The results of the presidential election in the United States should not jeopardise Singapore's good defence relationship with the country, said Defence Minister Ng Eng Hen yesterday.
Singapore has traditionally had strong institutional ties with the US, and has worked with both Democratic and Republican administrations to strengthen defence ties between both countries, he noted.
"President-elect (Donald) Trump was voted in and he will be the president, and we have to work with the administration to maintain the good ties that we had," Dr Ng said.
"Our defence policy starting point is what works the best for Singapore. We are a small country and we know that what big powers do will affect not only Singapore, but the entire region and indeed the world."
During his presidential campaign, Mr Trump had made remarks implying that America's allies - including those in Asia - were not pulling their weight.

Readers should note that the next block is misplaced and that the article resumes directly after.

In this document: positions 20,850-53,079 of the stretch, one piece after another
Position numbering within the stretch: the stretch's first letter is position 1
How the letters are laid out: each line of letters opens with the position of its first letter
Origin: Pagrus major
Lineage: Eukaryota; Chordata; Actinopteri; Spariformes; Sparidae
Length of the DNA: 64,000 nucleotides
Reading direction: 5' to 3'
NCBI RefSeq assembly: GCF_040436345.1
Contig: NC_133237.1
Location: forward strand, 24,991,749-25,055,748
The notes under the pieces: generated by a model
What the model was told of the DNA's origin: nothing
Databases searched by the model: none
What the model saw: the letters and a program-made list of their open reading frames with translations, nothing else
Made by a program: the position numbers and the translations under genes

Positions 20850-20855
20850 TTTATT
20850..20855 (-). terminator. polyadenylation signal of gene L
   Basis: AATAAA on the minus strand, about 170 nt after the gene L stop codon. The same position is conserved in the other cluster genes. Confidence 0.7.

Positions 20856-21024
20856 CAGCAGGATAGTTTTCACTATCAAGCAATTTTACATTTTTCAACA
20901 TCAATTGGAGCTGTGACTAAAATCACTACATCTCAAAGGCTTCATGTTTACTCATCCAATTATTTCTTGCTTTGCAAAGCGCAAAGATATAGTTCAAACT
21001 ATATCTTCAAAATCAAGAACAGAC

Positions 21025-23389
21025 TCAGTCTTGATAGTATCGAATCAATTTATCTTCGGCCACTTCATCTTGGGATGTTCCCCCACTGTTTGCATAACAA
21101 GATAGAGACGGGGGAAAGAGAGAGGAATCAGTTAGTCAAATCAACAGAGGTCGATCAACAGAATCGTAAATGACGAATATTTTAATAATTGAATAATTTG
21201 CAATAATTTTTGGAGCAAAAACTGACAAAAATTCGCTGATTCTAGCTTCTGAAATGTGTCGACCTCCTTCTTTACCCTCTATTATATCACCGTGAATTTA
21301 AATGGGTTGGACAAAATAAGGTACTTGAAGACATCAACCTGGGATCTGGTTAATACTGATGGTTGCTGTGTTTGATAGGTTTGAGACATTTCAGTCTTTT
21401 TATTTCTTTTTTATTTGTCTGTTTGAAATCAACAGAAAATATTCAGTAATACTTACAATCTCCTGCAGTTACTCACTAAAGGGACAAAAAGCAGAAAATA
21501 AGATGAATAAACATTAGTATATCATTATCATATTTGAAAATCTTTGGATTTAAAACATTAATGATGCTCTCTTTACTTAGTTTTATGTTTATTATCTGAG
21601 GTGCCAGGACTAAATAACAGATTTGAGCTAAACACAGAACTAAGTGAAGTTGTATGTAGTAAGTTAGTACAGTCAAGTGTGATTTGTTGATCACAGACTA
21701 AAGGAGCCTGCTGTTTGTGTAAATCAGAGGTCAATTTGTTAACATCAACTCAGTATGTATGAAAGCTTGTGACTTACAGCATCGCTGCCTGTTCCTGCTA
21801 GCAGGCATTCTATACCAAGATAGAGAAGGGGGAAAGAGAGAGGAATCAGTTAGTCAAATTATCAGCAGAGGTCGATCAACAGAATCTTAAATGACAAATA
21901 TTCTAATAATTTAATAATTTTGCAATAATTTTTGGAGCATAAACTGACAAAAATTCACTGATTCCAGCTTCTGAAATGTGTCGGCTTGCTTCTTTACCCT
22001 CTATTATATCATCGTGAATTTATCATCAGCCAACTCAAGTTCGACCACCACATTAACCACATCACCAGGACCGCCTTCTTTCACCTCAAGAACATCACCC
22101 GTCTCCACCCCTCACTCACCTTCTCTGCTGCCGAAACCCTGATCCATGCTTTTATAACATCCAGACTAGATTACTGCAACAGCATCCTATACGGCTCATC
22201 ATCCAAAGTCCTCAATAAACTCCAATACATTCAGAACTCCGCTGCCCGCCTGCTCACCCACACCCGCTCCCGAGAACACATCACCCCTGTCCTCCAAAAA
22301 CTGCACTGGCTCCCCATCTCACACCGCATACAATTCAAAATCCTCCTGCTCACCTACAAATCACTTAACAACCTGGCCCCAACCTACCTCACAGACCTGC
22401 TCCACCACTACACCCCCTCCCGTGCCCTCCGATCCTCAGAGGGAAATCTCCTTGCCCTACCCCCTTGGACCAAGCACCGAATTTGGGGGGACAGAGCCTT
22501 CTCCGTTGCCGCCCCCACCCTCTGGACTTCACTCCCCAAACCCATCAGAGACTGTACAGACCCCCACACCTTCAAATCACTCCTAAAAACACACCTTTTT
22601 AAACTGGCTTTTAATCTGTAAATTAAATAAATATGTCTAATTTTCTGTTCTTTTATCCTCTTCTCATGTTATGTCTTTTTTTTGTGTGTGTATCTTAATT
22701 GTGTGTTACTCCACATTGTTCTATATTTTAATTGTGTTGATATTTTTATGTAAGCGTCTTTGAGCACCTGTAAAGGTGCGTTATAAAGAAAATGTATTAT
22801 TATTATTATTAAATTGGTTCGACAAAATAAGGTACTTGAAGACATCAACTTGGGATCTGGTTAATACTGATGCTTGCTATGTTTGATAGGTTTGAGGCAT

His win sparked fears that a diminished US presence in the region would be quick to follow, with implications for security and stability.
Dr Ng said that Singapore will continue to work with the US as it does with other countries in the Asean Defence Ministers' Meeting-Plus framework. These include China, India, Japan and South Korea.
"Our relationship with other countries, whether it's the US or China, is to have a mutually beneficial relationship," he said, adding that Singapore is not dependent on any one country.
He gave examples of how Singapore has worked closely with the US and welcomed their planes and ships into its bases where interests align, such as on the issue of counter-terrorism.
"I would say that we've been doing a lot for our defence partners like the US... and I don't see that as any reason why we should diminish our defence ties with the US," he said, adding that Singapore takes the same approach towards its other defence partners.
"We make sure that our relationship is one based on mutual benefits; we help each other out."